LEANNA MURPHY: BURR AND TILLIS SHOULD AT LEAST ALLOW DEBATE ON VOTING RIGHTS BILL: Sens. Richard Burr and Thom Tillis should vote “yes” to open debate on Senate Bill 1 on voter access. Voting is the bedrock of our representative democracy. We need our senators to have a vigorous debate and discussion. There are so many ideas that would increase voting participation. Personally, I’d like to see Election Day as a paid federal holiday so every citizen will be free to vote — and volunteer at the polls. I also fully support automatic registration upon getting a driver’s license. Voters want to hear everyone’s ideas, and to do that we need to have the debate in the Senate.

ALISON GREENE: HARNETT COUNTY SHOULD TAKE COVID MORE SERIOUSLY: Regarding “NC school district no longer requires masks for students,” (June 13): Wearing masks significantly reduces the spread of COVID. Vaccination is the best way to stop the pandemic, but only 28% of residents in Harnett County are fully vaccinated, far short of herd immunity. With the more virulent Delta strain circulating, the outlook for Harnett is grim. People in Harnett County public schools are particularly endangered by the school board’s recent decision to make face coverings optional for all people at its summer school program, including students. The virus will spread far beyond that community. As a fellow North Carolinian, I urge all residents of Harnett County to get vaccinated to save lives. I ask the Harnett County school board to reconsider this deadly decision.



Stop with the bait-and-switch

Have you heard of the Crossover Deadline for legislation in the NC General Assembly? If you haven't, don't worry, because it is absolutely pointless. Because Republicans have perfected the art of passing a bill out of one of the two houses by this deadline, but later completely rewriting it. Like this one, which started out as:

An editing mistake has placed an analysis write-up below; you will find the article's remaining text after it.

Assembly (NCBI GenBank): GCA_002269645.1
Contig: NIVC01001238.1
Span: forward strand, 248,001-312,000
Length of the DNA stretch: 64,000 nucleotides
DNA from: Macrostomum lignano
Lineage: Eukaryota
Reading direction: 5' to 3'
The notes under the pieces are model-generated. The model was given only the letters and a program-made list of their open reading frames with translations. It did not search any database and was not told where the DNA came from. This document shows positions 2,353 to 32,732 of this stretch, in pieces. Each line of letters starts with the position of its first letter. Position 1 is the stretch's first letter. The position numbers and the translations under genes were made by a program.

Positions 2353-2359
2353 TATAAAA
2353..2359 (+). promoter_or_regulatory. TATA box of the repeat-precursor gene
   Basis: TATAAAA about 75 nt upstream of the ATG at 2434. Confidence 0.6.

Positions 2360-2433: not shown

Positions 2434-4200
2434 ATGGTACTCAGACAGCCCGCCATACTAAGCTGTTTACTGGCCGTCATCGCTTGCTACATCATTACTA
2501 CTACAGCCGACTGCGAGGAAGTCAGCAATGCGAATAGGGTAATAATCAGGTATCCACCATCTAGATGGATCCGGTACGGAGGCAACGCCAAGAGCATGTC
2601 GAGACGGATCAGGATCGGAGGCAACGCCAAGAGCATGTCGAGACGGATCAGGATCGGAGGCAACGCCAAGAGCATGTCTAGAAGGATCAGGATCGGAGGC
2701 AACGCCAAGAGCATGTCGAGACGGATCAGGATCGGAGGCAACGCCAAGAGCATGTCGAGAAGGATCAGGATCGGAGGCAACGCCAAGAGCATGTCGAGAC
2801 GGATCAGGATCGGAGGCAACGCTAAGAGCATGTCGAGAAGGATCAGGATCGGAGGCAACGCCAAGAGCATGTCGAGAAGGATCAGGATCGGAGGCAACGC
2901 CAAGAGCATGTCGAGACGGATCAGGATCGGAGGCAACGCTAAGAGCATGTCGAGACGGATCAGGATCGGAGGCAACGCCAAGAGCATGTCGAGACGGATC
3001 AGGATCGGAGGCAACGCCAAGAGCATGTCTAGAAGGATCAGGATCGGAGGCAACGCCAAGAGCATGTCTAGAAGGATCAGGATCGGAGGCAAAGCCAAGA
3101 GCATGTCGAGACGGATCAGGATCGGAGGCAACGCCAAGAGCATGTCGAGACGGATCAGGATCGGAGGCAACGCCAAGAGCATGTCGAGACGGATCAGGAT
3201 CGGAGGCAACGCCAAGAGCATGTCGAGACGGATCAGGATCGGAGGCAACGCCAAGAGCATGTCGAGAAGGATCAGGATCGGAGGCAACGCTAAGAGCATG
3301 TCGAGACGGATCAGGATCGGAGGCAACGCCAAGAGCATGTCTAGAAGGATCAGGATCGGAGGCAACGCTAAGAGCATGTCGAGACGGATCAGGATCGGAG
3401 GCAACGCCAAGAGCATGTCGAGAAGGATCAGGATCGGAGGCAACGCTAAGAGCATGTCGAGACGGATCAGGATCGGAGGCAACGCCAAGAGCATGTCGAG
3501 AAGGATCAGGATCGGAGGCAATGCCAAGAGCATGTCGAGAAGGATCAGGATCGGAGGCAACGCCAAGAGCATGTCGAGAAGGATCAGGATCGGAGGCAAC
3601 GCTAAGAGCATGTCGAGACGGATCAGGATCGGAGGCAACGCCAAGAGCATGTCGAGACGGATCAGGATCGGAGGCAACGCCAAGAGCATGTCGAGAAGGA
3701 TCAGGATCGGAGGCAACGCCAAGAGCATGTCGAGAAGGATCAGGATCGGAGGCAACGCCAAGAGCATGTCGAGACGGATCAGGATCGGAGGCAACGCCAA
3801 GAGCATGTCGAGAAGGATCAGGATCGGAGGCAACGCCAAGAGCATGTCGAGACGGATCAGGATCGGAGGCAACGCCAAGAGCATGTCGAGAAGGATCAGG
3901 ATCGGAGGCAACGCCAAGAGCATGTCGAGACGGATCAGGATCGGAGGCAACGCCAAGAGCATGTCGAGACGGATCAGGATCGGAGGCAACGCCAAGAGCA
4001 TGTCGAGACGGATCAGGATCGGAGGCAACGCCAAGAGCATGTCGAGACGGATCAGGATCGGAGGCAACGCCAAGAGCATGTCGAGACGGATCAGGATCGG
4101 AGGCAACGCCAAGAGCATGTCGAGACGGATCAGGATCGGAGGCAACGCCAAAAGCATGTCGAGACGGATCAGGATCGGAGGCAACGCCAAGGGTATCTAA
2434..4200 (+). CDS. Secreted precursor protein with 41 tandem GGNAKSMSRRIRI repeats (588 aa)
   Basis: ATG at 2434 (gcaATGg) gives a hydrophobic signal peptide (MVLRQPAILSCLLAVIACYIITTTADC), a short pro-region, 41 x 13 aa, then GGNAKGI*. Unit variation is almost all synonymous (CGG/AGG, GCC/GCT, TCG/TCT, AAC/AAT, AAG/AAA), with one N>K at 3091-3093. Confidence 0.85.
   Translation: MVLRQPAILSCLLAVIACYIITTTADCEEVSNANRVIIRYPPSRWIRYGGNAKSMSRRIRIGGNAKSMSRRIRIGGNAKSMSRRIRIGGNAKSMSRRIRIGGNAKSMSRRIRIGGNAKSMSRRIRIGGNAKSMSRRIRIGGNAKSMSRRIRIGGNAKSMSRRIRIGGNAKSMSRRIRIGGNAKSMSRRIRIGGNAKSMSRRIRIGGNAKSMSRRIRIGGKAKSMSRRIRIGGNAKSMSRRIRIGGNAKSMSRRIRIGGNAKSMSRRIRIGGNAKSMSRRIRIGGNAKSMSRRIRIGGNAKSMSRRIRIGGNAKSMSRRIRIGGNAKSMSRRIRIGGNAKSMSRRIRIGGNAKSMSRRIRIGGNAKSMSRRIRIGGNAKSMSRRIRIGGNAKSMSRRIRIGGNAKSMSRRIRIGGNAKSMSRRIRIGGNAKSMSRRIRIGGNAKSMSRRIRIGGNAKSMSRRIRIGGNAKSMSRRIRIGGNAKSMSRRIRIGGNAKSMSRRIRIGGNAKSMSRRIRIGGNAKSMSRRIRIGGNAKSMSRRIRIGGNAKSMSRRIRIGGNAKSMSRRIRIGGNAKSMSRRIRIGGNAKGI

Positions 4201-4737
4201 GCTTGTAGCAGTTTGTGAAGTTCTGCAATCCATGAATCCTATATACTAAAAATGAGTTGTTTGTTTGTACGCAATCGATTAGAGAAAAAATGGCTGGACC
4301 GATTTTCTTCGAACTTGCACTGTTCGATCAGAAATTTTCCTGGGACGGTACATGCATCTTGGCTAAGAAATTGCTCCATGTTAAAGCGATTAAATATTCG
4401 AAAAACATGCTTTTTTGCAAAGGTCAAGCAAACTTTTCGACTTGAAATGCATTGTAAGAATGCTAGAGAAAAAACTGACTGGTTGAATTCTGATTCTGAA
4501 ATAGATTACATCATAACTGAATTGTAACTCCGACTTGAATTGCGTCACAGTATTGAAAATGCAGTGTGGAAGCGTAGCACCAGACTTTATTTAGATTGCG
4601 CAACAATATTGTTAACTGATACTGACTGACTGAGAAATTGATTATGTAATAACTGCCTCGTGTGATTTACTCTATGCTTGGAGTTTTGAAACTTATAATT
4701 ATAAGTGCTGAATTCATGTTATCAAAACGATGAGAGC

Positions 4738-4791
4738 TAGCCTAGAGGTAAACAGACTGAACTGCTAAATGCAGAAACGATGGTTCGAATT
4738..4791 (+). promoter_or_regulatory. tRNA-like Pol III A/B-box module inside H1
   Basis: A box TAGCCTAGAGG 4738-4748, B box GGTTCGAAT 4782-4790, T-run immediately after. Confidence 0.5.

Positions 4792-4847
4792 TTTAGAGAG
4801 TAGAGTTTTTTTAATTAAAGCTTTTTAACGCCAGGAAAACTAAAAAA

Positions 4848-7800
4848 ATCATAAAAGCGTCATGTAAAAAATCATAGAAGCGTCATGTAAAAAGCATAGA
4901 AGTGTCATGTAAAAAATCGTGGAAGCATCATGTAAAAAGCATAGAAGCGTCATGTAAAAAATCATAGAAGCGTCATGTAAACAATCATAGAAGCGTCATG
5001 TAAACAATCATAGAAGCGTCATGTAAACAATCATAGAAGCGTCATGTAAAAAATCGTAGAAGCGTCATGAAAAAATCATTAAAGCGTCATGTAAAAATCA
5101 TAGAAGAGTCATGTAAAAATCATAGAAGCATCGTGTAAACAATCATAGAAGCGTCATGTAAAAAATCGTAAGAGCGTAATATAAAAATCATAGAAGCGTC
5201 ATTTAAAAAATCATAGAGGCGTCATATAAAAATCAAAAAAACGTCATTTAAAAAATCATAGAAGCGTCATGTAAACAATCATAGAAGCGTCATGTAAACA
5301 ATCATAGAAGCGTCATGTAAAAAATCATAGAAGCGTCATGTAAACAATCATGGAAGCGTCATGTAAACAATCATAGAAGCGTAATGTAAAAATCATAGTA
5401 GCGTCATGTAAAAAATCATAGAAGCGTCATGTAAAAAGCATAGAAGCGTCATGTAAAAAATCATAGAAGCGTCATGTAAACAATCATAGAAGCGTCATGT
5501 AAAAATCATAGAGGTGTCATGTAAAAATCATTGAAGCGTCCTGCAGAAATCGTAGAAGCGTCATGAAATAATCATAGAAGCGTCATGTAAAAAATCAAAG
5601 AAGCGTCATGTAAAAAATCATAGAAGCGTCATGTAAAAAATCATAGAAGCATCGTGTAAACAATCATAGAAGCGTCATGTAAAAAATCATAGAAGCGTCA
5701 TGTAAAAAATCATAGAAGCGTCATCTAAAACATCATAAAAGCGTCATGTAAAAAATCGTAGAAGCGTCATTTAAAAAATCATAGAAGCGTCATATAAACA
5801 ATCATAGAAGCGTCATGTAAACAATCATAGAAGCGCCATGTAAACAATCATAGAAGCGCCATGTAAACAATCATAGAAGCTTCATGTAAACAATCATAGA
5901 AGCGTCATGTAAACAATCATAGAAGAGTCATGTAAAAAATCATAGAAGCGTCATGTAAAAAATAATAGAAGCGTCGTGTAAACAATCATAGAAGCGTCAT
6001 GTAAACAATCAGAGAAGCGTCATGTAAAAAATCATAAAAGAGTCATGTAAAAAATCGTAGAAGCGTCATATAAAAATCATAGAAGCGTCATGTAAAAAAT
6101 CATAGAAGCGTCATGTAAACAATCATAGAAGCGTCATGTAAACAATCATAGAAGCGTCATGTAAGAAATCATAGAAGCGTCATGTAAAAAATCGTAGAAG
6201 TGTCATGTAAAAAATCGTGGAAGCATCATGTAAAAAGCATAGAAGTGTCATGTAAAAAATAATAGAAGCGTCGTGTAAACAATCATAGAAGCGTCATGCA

Before your eyes gloss over too much, this is (was) a pretty important piece of legislation, especially for military spouses, which is probably what got it past the deadline and earned it a 48-0 vote in the NC Senate. But apparently it was just a placeholder, and was destined to be abused and turned into this:


Understand, this wasn't a minor amendment, it was a complete rewrite. A bait-and-switch of epic proportions. But under the current NCGA rules(?) it's just business as usual. I'm not even sure the Capitol Press Corps has a FUBAR (fucked up beyond any recognition) meter anymore, but this would move it only a notch or two, a slight adjustment. Which many find funny, but I don't.

Maybe it's my years in the military, but I cannot tolerate such misrepresentation, the casual abuse of a system that is supposed to be straightforward and trustworthy. And it's also costly; the time and effort put into advocacy for, the writing of, and the Legislative staff researching and studying the original bill. And of course committee work and lawmakers contemplating and then voting for it. Wasted effort, just so Berger can throw another dart at Governor Cooper.

Absent an extremely compelling reason to support such changes, every one of these bait-and-switch bills should be rejected by Democratic lawmakers and summarily Vetoed by the Governor. It might not make it stop entirely, but it could discourage frequent attempts.